Norwegian gas sales are on course to test a record high this year as Europe seeks to reduce its dependence on top supplier Russia as soon as possible.
Total exports from fields in the Nordic nation are poised to jump about 8% this year to 122 billion cubic meters, the government said in its updated outlook on Wednesday. The country sold similar volumes in 2017, a record year for exports.
The continent’s second-biggest supplier is pumping at full tilt, benefiting from record prices and higher demand than ever for its fuel. The European Union aims to curb imports from Russia by two thirds this year because of the war in Ukraine.
European prices spiked after Russia’s invasion in late February, deepening an energy crisis that started last year. Costs have since eased but they remain historically high and traders remain on the edge because of the uncertainty of flows and payment regimes.
“High prices give the companies strong incentives to utilize the production capacity on the fields,” Petroleum and Energy Minister Terje Aasland said. “Companies are producing at full, or near full capacity.”
Norwegian producers have tweaked operations at some fields, including reducing gas injections for oil recovery. Energy major Equinor ASA will also restart its Hammerfest LNG plant this month. The facility has been shut after a fire in late 2020.
The extra volume would amount to an increase of about 9 billion cubic meters this year compared with 2021 sales. While every molecule counts, it’s just a fraction of Russia’s flows to the European Union, which exceeded 155 billion cubic meters last year. That was about 40% of the bloc’s total consumption.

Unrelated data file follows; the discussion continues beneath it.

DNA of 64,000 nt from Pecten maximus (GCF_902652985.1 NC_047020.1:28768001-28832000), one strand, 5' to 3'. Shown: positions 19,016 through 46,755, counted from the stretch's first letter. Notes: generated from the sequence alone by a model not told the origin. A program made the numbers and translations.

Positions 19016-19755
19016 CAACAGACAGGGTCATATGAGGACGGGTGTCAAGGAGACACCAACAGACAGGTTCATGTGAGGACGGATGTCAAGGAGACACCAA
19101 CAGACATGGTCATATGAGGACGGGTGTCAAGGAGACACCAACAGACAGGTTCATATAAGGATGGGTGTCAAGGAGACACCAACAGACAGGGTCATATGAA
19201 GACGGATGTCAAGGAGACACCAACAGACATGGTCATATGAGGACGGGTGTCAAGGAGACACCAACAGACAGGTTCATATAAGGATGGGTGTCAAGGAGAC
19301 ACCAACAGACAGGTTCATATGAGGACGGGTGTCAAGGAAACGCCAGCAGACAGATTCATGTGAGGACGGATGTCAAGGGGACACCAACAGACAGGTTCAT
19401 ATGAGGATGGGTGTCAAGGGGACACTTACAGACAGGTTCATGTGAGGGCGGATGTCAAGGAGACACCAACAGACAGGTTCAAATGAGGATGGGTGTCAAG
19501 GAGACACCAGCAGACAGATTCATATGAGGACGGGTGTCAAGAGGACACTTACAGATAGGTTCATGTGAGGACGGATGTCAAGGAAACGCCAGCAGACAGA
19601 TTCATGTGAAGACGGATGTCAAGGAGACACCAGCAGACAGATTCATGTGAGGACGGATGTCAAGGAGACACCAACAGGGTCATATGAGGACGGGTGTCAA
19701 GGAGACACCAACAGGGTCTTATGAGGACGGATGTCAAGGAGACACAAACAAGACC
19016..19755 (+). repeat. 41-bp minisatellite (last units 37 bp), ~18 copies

Europe has a chronic need to boost energy security. Importing from a friendly country, with a long history of sound governance like Norway, is infinitely preferable to relying on Russia. That’s great news for Norway’s balance of payments.
Equinor has not looked back. The share has surged along with European gas prices and continues to trend higher.
The Norwegian Krone broke lower in March and remains weak. That’s despite the fact they have raised rates from zero to 0.75%. It is a testament to how strong the Dollar has been that a major energy producer’s currency is falling rather than rising as exports soar.
Indonesia recorded a record trade surplus last quarter too. The ban on palm oil exports is partly to blame for the weakness of the rupiah, but the commonality with other commodity related currencies is also notable.
The Brazilian Real also weakened over the last month but found support last week in the region of the 200-day MA and improved on that performance this week. Brazil has significantly higher rates than just about anywhere else so that is helping to support the currency.
Petrobras yields 33% this year and is expected to have a 19% yield following the special payments slated for next week.
It seems inevitable that the strength in energy prices will feed through into related currencies eventually. At present, investors are still wedded to the idea commodity strength is transitory. It’s not at all clear that NATO’s relationship with Russia is going to improve anytime soon. Additionally, the disruptive effect of the IMO2020 regulations on demand for middle distillates is only going to intensify as emissions regulations tighten.
Crude oil is at a critical point right now. The narrow wedging pattern suggests a breakout, when it comes, will be powerful. The argument is finely balanced between supply inelasticity and slowing global demand. The weakness in energy currencies could be a symptom of investors betting slowing demand will win out. However, I believe the more likely explanation is the weakness of Wall Street has resulted in a lot of contagion amid deleveraging.
At present oil prices as easing back from the upper side of the range. A sustained break below $100 would be required to signal a return to supply dominance.Back to top